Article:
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What is in a name? What is in anything that makes it to be what it is? What is in a restaurant that makes it cute? Maybe a large chalk board behind the counter detailing the contents of its menu, or some artsy low sitting chairs that people are expected to eat like normal people at, or a wall of old and new books all in Spanish. If this is the case, then the place that we went to for lunch yesterday is definitely a cute restaurant.

We passed this place several times as we wandered the city the past few days, but we never actually made it inside. We thought that today being Sunday, it would be a good day to eat out. We chose this place mostly because of its looks, but were equally impressed by the atmosphere and the food.

Ivana ordered toast with an olive spread and tomato and cheese melted on top. Kathleen got a curry chicken sandwich. We both got bubbly water, which we were delighted to find came in a glass bottle which we held on to when the waitress came to clear our places.
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Today, we are up early. On our way to Ireland, we needed to be at the airport by 8am. We ate our yogurt standing up in the hostel’s kitchen, then walked across the street to the metro.

As our time in Europe is coming to an end it is a very interesting sensation. We are sad to be leaving for sure but eagerly await our arrival in America. After seeing so many new things over the past almost 6 weeks we are aching for something familiar. We are however also very excited to have the opportunity to bring back many new things that we have learned to the United States, especially many of the new foods that we have tried!

iAdios!

❤ i&k

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Over the past two days we were able to experience a beautiful cathedral only minutes away from our hostel and get a glimpse into the life of the medieval Normans who fortified the area surrounding the city of Dublin after they pushed the local Celtics towards the western side of Ireland.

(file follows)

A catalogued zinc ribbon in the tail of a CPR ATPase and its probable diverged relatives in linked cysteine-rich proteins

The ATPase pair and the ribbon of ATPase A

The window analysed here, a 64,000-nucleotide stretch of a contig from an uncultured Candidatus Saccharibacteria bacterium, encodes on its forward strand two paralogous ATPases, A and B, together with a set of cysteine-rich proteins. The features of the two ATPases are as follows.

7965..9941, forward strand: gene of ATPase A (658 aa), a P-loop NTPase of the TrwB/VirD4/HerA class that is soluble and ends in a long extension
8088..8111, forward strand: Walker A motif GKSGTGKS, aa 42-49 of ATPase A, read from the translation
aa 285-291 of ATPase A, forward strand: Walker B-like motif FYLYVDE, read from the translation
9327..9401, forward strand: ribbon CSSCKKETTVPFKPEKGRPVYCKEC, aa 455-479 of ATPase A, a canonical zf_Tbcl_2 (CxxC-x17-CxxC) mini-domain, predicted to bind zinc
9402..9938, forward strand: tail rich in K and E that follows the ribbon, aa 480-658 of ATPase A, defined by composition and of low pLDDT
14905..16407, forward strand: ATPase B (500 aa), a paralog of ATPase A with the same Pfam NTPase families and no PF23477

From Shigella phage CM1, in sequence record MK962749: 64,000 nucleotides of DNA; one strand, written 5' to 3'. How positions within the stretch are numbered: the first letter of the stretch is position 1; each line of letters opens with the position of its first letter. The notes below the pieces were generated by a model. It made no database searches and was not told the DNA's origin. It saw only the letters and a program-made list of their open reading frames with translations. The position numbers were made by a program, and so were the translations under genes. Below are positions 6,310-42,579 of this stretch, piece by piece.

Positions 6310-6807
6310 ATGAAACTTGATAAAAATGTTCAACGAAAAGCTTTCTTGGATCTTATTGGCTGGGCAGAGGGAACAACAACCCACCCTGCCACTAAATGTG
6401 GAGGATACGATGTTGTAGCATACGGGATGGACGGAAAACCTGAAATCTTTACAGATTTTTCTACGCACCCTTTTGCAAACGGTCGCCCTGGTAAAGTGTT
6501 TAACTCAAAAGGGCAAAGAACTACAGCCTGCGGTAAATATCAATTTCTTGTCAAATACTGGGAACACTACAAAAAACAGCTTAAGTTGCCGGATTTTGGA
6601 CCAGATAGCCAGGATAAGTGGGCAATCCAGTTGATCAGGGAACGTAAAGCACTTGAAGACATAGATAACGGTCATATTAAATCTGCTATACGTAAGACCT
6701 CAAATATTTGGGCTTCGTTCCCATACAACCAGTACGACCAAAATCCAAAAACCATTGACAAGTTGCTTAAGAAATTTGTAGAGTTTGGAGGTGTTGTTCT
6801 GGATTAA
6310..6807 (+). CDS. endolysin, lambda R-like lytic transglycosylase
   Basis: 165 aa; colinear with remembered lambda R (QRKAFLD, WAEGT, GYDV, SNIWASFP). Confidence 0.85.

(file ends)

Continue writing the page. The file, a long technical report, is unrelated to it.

Our first stop most days has been Mass at St. Mary’s Pro Cathedral, dedicated to the Blessed Virgin. This church is absolutely spectacular! The architecture was mimicked after that of a Roman temple with the great saints gracing its pediment. It’s inspiring to see the reverence of the Irish people at this church; they spend much more of the Mass kneeling than we do in America and we were honored to be able to join in. It’s crazy how such a simple act as kneeling at moments we were accustomed to standing brought our attention to the Mass in a new way.
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Next, we went to Drimnagh Castle. Built in the 13th century, this castle was occupied by the family of Hugh deBernival, a Norman Lord and his family of Knights for 400 years! The castle was then acquired by the archbishop of Dublin and passed through the hands of several other tenants before it was used as a school house, and then abandoned. Our tour guide, Andrew, explained to us that when the Irish, after 800 years of foreign rule, finally regained control of their country, they wanted to get rid of anything that was not Irish. They wanted to reclaim their heritage that had been intermingled with so many others. As a result, the government left the castles to crumble. Drimnagh Castle is one of the few that was in good repair when the government realized that even though they didn’t like the Norman, Viking, or English occupations of their country, the buildings were an important part of their history.
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The castle over the past several years has been restored to its former medieval glory. They invited craftsmen who have been trained in the the dying medieval crafts to help them restore the castle using only techniques that would have been used when the castle was originally in commission. Andrew also killed any desire that either of us had to live in medieval times. He enlightened us to how gross it would have been, living with bugs in your clothes, bathing only once a month, dying from something as simple as the common cold, and sleeping in the same room as all of your farm animals on the stone floor covered with some straw. It did not sound very appealing. 😛
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On a brighter note, however, he was very encouraging when Ivana said she would like to move to Ireland some day. He told her that it wouldn’t he hard to marry her off to an Irish man and have her dreams come true. 😉

At the end of the tour, Andrew gave us directions to the train station which would be much faster than the bus we had taken to get to the castle. In true fashion, we promptly got lost. We met a kind woman who readily came to our aid and walked us almost the whole way to the train station.